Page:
Communication and respect keys to success
LACOMBE, ALTA. – If you ask Darren Gagnon for his best tip to ensuring a smooth-running ship is manned by a happy staff he will keep coming back to the same word: Respect.
He’ll touch upon things like open-door policies, training and developing culture, but for the CEO of Lacombe Ford in tiny Lacombe, Alta., the best route to happy staff is to respect them and trust they will do the same.
“Our mission statement talks about provided the best experience in the industry for every customer every time with no exceptions,” Gagnon explains. “We empower our staff to make things happen and that all starts with respecting them.”
Lacombe Ford has been selling cars since 1989. Located roughly 30 minutes north of Red Deer, current ownership has been in place since 2004. Gagnon is majority holder of the LAND Automotive Group, which counts Lacombe, Drayton Valley Ford, Accessoryland and C.A.R. among its holdings.
The three minority partners are CFO Neil Barton, V-P of parts and service Andy Kotowich and V-P of sales Lyndon Taylor.
Gagnon says Lacombe Ford has won the automaker’s President’s Award eight times in a row with eyes on a ninth this year.
The award focuses on customer satisfaction as a main measure of excellence and rewards dealerships within the top 10 per cent of their region. From that pool of winners, Ford then bestows its Diamond Award to the cream of the crop. Lacombe Ford has received Diamond Club recognition two of the last four years.
And while the accolades are nice, he says they really underscore all the work spent building a culture at the store with the staff about focusing on making customers happy.
Key to getting buy, he notes, is communication.
“I gauge the staff on many different levels and offer a voice on how to take care of our customers, how to treat each other and how to communicate with management.”
Once system put in place roughly two years ago that has yielded the best results is Team XL.
Composed of a revolving group of roughly 12 staff members combining new and senior staff who represent every department, Team XL has monthly sit-downs with Gagnon where everything and anything is on the table.
“They get to sit with me face-to-face once a month. I buy them lunch and we sit down and have a communication circuit where I get to tell them what I am thinking and they have the responsibility of sharing that with the rest of the teammates,” he says.
“They can bring any of their concerns or ideas straight to me instead of going through the normal channels of managers and department heads, they get my ear and I get theirs at least once a month.”
Results have been “fantastic” and wide-ranging.
Team XL developed an employee-of-the-month program decided on by staff. It has also instituted a multitude of customer-facing efforts.
Gagnon says they have changed the way the store greets and thanks customers, ensures shuttle vehicles have water and snacks for customers and also return every detailed car with a thank-you note, an extra air freshener and a bottle of water.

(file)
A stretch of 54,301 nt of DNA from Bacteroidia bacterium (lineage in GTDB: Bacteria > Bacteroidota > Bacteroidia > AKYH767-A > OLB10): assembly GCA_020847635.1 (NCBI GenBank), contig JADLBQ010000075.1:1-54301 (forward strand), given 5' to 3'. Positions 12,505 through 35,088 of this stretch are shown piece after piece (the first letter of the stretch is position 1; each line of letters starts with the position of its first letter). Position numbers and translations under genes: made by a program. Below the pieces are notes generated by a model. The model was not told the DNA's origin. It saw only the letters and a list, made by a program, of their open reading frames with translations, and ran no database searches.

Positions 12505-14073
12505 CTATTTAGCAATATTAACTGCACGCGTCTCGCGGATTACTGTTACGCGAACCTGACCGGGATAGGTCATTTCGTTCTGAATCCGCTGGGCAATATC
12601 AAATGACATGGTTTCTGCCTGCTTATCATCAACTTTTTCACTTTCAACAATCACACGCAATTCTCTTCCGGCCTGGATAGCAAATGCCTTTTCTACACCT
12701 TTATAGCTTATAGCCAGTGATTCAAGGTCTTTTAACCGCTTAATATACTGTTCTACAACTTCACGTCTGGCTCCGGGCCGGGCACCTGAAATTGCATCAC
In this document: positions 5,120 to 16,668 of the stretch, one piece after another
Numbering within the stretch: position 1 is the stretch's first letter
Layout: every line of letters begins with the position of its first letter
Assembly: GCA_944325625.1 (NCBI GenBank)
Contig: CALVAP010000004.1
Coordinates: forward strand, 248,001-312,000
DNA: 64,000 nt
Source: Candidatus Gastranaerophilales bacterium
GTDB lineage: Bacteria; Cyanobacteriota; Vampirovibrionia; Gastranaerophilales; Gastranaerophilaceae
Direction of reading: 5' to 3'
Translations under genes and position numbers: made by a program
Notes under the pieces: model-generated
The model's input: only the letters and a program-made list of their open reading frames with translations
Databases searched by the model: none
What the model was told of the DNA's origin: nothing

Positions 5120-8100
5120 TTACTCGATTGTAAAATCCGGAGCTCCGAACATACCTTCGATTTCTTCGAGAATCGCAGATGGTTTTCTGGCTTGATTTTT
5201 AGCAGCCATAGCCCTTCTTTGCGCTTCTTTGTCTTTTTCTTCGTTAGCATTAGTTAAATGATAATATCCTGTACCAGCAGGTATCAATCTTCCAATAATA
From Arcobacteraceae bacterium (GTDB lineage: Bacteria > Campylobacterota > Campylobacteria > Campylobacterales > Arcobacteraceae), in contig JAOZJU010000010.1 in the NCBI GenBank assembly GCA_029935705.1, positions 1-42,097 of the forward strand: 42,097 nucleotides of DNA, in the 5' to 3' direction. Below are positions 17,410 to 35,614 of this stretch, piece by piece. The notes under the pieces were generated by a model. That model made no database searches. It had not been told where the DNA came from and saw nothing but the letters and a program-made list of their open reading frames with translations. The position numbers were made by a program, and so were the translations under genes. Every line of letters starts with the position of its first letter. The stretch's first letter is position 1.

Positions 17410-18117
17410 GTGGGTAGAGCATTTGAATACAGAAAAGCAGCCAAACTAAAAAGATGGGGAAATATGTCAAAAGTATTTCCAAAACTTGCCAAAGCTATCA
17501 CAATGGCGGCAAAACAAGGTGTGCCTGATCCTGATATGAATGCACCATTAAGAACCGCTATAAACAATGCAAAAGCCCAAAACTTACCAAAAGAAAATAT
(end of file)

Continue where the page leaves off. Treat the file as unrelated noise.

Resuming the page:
“The people who are dealing with customers on the front line have a better understanding of how to take care of them than me sitting upstairs in my office,” he says.
In addition to the “little things” driving satisfaction, Gagnon and his team are quick to point out its CSI pièce de résistance, Tires4Life.
The program is a loyalty rewards system with free enrollment. Customers that buy a new and/or used car from Lacombe Ford and complete all scheduled maintenance at the dealership will get free tires when it comes time to replace them.
Gagnon and his team launched it seven years ago and gave away its 1,000th set of free tires last year.
While those upfront costs may give some readers pause, he insists the ROI is great.
“We match it up with prepaid maintenance programs on Ford vehicles and that helps, but it really does push a lot of business to our service department. We have a Quick Lane in a separate building on site [one of the only ones in Canada] and it allows us to give our customers that need maintenance more priority service than having to go into the service department.”
The team is also changing the staff and the store’s community involvement levels.
Instead of giving $500 to the local curling club for a bonspiel, he sais, they are giving $250 and entering a team.
“We’re also recognizing staff for their charity work or involvement in things like Cub Scouts or coaching hockey.
“I keep coming back to the word respect. You have to have respect for your staff and integrity in dealing with them. When I say something, I am going to do it.”
It’s a tough time in Alberta now, and he says recent actions by his parts department show just how invested the team is in the collective.
He said the team came to management with a plan on how a few cuts to part-time staff and additional effort by more senior staff would ensure the department does better.
“You don’t have that kind of thing happen often.”